Sunday we had breakfast and then went to the beach for a little while.  We swam in the ocean and then tried to lie in the sun, but kept getting thrown off our chaise lounges by people who claimed we had taken their places.  Finally, we gave up and went back to the hotel.  It was our intention to go downtown and check out the prices of excursions outside the hotel, so we ate an early lunch at the snack bar and then rode bicycles into town.  We explored a bit and talked to a couple of dive shops about excursions to Cozumel.  Unfortunately, the travel agency owned by Rossy’s friend was closed on Sunday.  We finally booked a snorkel trip in Cozumel for Monday.

The Adult Pool
After riding our bikes back to the hotel, we ate lunch again (fortunately, I was eating mainly fruit) and then lounged about, trying different fruit drinks until it was time for dinner.  We had dinner reservations at Hacienda Don Diego, the Mexican restaurant at the hotel.  We had tacos al pastor for an appetizer and I had a rolled, stuffed skirt steak with flambeed bananas for dessert.  We were served strawberry margaritas with dinner.  Then, just as we were finishing dessert, the manager came over to our table and slammed down a couple of shots glasses.  Next, he produced three bottles of tequila.  His hobby was producing flavored tequila.  We sampled mango, coconut and pineapple tequila.  I liked the mango best, so he then poured me a full shot of that.  Usually I suffer when I drink tequila shots, but these went down very smoothly.  Neither of us was in the mood to do much after all that alcohol, so we skipped the evening show and went to bed early again.

The Cozumel Ferry
The No Problem, Our Dive Boat
Monday, we walked into Playa del Carmen and took the 10:00 ferry to Cozumel where we had booked a snorkeling excursion.  We booked the trip through Scuba Playa and went with a company called Blue Angel.  The dive boat met us at the main ferry dock and then took us to their dive shop where we stopped for a few minutes while the divers got outfitted.  They have a small hotel, dive shop and restaurant.  It was a  pleasant spot.  Downtown Cozumel looks like any other place where cruise ships dock.  There were the usual expensive tourist traps and jewelry stores.  Cozumel is very flat and the coast is mainly rocky.  It is, however, surrounded by reefs and the continental shelf drops off sharply there, making it a famous dive spot.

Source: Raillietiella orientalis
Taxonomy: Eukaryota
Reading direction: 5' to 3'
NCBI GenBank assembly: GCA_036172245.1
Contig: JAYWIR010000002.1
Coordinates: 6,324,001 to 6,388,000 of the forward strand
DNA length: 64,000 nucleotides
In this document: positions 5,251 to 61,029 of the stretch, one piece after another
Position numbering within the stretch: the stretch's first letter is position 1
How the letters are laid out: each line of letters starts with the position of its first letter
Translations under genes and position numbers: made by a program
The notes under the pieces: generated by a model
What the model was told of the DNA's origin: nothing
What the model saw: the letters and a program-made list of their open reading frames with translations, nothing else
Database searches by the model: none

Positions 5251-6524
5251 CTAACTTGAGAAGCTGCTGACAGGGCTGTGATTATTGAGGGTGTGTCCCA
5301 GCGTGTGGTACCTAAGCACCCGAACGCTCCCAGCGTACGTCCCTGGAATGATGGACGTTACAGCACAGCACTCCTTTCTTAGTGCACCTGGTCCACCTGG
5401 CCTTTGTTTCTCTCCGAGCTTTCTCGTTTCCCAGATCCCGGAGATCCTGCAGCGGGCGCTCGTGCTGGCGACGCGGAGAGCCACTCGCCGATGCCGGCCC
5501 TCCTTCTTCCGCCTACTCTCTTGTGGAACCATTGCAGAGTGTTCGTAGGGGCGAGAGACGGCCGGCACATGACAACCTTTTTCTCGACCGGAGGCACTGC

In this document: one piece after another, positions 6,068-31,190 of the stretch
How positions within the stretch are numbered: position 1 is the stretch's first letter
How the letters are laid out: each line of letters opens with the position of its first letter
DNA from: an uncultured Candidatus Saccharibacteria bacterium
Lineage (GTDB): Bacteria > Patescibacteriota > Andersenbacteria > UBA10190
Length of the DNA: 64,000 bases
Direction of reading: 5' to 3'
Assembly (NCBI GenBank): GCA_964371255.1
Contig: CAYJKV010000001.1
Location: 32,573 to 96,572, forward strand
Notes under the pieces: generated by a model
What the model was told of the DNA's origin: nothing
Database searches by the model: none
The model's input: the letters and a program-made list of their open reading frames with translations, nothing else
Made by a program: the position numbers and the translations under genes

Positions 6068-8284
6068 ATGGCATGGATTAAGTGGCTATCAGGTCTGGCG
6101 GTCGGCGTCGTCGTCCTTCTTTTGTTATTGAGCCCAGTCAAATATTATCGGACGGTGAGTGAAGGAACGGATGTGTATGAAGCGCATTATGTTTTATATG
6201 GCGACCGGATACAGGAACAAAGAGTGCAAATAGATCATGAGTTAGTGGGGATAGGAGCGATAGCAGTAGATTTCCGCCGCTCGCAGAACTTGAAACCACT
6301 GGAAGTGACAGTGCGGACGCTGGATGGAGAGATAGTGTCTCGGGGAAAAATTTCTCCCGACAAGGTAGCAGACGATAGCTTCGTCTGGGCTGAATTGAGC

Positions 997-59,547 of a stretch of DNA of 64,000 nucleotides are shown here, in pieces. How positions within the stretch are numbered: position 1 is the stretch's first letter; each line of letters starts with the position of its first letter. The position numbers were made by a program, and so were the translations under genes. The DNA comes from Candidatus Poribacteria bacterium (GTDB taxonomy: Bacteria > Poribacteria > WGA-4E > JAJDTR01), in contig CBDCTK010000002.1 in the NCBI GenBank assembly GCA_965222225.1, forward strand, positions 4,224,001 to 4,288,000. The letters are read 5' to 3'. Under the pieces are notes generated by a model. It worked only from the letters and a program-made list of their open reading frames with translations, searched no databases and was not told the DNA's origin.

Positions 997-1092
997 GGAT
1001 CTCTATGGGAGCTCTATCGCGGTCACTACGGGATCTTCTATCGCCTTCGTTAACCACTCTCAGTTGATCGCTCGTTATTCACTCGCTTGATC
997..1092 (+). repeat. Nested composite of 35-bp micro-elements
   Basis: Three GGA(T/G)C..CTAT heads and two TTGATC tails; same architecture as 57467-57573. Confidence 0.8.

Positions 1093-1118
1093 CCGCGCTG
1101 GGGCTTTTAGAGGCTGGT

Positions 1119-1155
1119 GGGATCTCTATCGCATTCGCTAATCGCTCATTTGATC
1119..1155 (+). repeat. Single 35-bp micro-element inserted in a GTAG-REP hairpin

Erika on the Way to the First Reef
The first place we visited was a reef that was fairly deep down.  We were the only snorkelers and we went with our own guide named Bernie who didn’t speak much English, but was good at finding wildlife to show us.  It was overcast, which made it hard to see a lot, but we did see quite a bit of large sea life including a nurse shark, three eagle rays and several large sea turtles.  The bubbles rising from the divers below us made a fantastic show against the cobalt blue water.  I think that was my favorite part of that first spot.

 The second reef we visited was much shallower and the sun came out at that point, which was a good thing because we were pretty cold after that first swim.  Bernie put a piece of pineapple in his pocket and we were mobbed with tropical fish of many types that followed him everywhere, even when he dove down deep.  We could see much better in the sunshine and I enjoyed swimming with all the fish.  I felt like I was swimming in Finding Nemo.  At times, fish would swim right up to my mask and look me in the face.
Blue Angel Dive Shop Complex

Playa del Carmen at Sunset
After our second snorkeling session, we returned to the dive shop complex and had a nice lunch of delicious grouper fillets.  Then we took the 5:00 ferry back to Playa del Carmen and walked back to the hotel in plenty of time to make it to our 7:30 dinner reservation at the Miramare.  The Miramare is a Mediterranean restaurant on the second floor near the beach.  The whole thing is covered by an extremely lofty palapa.  I had a cold avocado soup, followed by cheese ravioli with sage and chicken breast stuffed with cheese and spinach.  Dessert was strawberries in Grand Marnier over vanilla ice cream.

We went to see the show after dinner.  The theme of the show was a “Mr. Maya” contest.  The four contestants were a 65 year old Italian named Giuseppe, a Canadian in his early 20’s, another very attractive Canadian in his early 40’s and an 18 year old Canadian who often looked mortified, but was a good sport and always managed to make a good effort.  There were various contests, including one where the men worked with a female partner to pop balloons by smashing them between various body parts.  Giuseppe won by a mile.  His wife was a trooper during the balloons smashing contest, especially since they were slipped one filled with whipped cream.